IS HE BLIND?

Business Bhutan - - Editorial - AMRITH BDR. SUBBA

Some years ago, I was walk­ing with my wife in the town when a passerby ap­proached us and asked my wife “Is he blind?” My wife just smiled and said “Yes!”. Then he be­gan to ask her the en­tire his­tory of how I lost my sight and what I am cur­rently do­ing, and I was stand­ing there lis­ten­ing to the con­ver­sa­tion as though I was in the dis­tance. He never talked to me di­rectly. I felt quite awk­ward be­cause he was talk­ing about me just in front of me and I was there stand­ing like a life­less statue.

Sim­i­larly, I was once in a restau­rant with my friends and a wait­ress came up to us to take our or­ders. Some of us asked for cof­fee and the rest asked for tea. While serv­ing, the wait­ress asked my friend “What did he or­der? Does he want sugar?” I was just won­der­ing whom she was talk­ing about when my friend turned to­wards me and asked me if I wanted sugar in my cof­fee. At the mo­ment, I just thought why couldn’t she talk to me di­rectly. I could have given the an­swer my­self. Even the deaf and dumb can speak for them­selves through sign­lan­guage.

Many a time, peo­ple have asked my wife or friends if I needed any­thing, in­stead of di­rectly ask­ing me. I know I have a dis­abil­ity but that does not mean I don’t have the abil­ity to speak for my­self. When you talk about per­sons with dis­abil­i­ties in the third per­son while in their pres­ence, you are con­sciously or un­con­sciously sidelin­ing them be­cause you are not di­rectly en­gag­ing them in your con­ver­sa­tion. It is im­por­tant they are lis­tened to, talked to and en­gaged like any­body else so that they get the op­por­tu­nity and con­fi­dence to come out of their homes and in­ter­act with the pub­lic. If you con­tinue to look at them as a third per­son while they are phys­i­cally present with you, you are shut­ting their doors to free­dom and in­de­pen­dence for­ever.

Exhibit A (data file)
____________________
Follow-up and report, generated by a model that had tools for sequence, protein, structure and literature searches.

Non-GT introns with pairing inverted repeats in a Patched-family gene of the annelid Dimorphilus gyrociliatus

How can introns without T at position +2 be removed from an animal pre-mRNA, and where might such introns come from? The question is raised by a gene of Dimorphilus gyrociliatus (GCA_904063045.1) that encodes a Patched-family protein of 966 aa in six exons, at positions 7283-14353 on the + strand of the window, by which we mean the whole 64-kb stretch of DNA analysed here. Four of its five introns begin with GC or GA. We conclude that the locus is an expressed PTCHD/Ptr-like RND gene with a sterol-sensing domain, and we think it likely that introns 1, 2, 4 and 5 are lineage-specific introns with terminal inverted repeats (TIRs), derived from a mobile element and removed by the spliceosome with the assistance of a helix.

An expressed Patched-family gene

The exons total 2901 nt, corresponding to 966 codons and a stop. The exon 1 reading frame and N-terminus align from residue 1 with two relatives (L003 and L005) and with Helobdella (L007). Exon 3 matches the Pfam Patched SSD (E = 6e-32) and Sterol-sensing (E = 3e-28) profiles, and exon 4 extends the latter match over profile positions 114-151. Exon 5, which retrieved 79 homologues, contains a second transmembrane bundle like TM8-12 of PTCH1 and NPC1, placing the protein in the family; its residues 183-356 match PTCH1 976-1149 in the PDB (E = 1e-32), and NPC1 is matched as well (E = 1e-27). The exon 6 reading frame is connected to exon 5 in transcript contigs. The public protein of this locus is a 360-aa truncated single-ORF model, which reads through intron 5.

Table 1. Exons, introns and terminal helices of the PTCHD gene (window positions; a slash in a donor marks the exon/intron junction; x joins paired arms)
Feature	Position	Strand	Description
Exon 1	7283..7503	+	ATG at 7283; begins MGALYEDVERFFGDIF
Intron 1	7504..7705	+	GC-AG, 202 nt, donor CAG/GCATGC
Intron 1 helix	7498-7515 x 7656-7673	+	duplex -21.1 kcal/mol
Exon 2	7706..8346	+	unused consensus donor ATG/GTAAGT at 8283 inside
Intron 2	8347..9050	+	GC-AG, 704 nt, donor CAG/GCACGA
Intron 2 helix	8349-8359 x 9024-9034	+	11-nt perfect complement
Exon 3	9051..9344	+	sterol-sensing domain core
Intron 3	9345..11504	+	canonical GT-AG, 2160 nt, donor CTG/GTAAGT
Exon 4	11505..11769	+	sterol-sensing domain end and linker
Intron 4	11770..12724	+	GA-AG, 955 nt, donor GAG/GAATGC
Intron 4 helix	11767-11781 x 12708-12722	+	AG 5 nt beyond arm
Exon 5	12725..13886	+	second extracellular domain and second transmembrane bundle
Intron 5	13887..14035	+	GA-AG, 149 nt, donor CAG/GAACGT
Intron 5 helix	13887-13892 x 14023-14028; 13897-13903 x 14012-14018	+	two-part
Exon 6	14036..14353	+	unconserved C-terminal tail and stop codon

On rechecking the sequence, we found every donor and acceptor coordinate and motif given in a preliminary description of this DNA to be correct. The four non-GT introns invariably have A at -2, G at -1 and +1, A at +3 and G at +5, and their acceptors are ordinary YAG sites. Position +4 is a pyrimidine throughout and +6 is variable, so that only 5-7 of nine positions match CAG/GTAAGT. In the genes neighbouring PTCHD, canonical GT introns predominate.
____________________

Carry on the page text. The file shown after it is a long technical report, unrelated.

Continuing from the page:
I don’t know why some peo­ple hes­i­tate to in­ter­act di­rectly with per­sons with dis­abil­i­ties when­ever they see them. While walk­ing alone on the streets, I have over­heard peo­ple telling their friends “Why don’t you help him?” In­stead of talk­ing about me in third per­son, I love peo­ple di­rectly com­ing up to me and talk­ing to me di­rectly rather than de­ploy­ing some­body else in be­tween. Al­though we live in two dif­fer­ent worlds, our dis­abil­ity should not be treated as a bar­rier be­tween us. We may look dif­fer­ent but it does not mean that we lack the abil­ity to de­cide and speak for our­selves. My wife has to of­ten speak for me dur­ing so­cial gath­er­ings and other spe­cial events since peo­ple still choose to talk to me through her. It may not be a con­scious be­hav­ior but this kind of in­ter­ac­tion some­times makes us feel aloof from the rest of the world. As we now move for­ward in time, it’s im­por­tant that we start re­flect­ing on how we can sen­si­tively in­ter­act with peo­ple around us. Let us all work to­gether to­wards break­ing those bar­ri­ers and cre­ate an in­clu­sive so­ci­ety where all of us can live to­gether in har­mony, en­joy­ing equal rights and re­spect re­gard­less of our dis­abil­ity or so­cio-eco­nomic sta­tus.

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